Food network

How long has COVID changed my life forever

I consider myself a very efficient, productive and philanthropic person. I am a scientist, a cancer researcher, the CEO of my company Easy Kale (a superfood powder), board member Boys and Girls Club of America and the Mississippi Food Networkand co-founder of the Draw a Smile Foundation, which feeds the homeless every week through our RU Hungry program. I’m constantly on the go and always striving to help others. But what many people don’t know is that since the spring of 2020, I’ve been dealing with debilitating symptoms caused by Long COVID. And even if I don’t show it when I’m on the go, I wouldn’t be able to do half the things I do if it weren’t for the help I get from people close to me.

At the start of the pandemic, I sprang into action in my community of Jackson, Mississippi. Food banks were overwhelmed with people in dire need of food, and I worked as hard as I could to distribute food. But at the end of April 2020, I had to stop abruptly because I needed emergency surgery to remove two benign tumors from my abdomen which were suddenly causing me severe pain. Still, after about a week in the hospital, I was discharged and assumed I could go back to my busy life.

Thank goodness my sister came to visit me around this time because soon after I got home from the hospital, she looked at me while I was sleeping and saw that my lips had taken on a deadly blue tint. I shudder to think what would have happened if she hadn’t found me when she did and called 911. I didn’t know it then, but I had contracted COVID-19 during my stay at hospital, and by the time I was admitted to a new hospital, I was already seriously ill.

I spent almost a month in intensive care. Doctors later told me that on several occasions they thought I would not survive. But they didn’t give up on me and tried three different experimental treatments to keep me alive. Luckily I got better and was able to go home, but it soon became apparent that I was not fully recovered.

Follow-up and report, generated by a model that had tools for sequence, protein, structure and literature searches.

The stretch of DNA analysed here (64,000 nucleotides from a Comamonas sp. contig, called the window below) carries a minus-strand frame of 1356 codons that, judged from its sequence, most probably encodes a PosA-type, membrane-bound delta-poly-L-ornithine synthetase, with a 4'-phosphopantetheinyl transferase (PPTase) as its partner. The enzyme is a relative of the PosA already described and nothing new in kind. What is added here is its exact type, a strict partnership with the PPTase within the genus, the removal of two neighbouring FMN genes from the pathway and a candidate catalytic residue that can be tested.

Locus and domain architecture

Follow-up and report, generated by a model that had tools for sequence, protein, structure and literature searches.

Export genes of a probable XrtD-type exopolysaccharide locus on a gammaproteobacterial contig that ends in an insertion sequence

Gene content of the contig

What does Long COVID look like to me

For months it was painful for me to breathe, almost as if I was inhaling fire with every breath. I ended up going in and out of the hospital with what turned out to be fluid in my lungs. I also started experiencing crippling pains all over my body that felt (and still does) feel like I was being stung by wasps for hours on end. After about nine months, the doctors were able to clear the fluid from my lungs, but other symptoms developed and still persist. Sometimes my legs, feet and hands swell spontaneously and correct themselves later, confusing my doctors. Other times I feel like someone is continuously screaming in my ear. And often, out of nowhere, I feel like all my nerves are firing at exactly the same time, which is incredibly painful and causes my body to twitch involuntarily. My only recourse is to get into bed and stay as still as possible in the fetal position for as long as it lasts, which is usually two to three hours. I heard there might be a connection between the way COVID affects me and the fact that I have autismeven though doctors don’t yet know why.

Now I give and get help

I have at least one episode of severe pain every day that makes me stop everything I do. But the pain is still there to some degree, so I learned to lean on others. My biggest support is my wonderful wife, whom I met after contracting COVID. She sees me at my worst and helps me through my days. People sometimes ask me how I do all this. And I tell them it’s not just me. When you see me working, you see the representation of a whole team including my assistant, my family and my wife. They are the ones who do the extra walking during conferences that I am not able to do. And they’re the ones who take over when I’m in too much pain to function. My wife even flies with me when I have to travel for business which really helps me keep up.

I also have the chance to work on my own and to be able to adapt my schedule when my symptoms bother me. I often work from my bed, turn off my Zoom camera when the pain gets too bad in a meeting, and ask for help when I need it.

The real trick that keeps me going, however, is to focus on others, as I have done throughout my life. If I focused too much on myself or dwelled on my condition, my fears would become crippling and I would do nothing. So COVID may have knocked me off my feet, but with help I’m still trucking.

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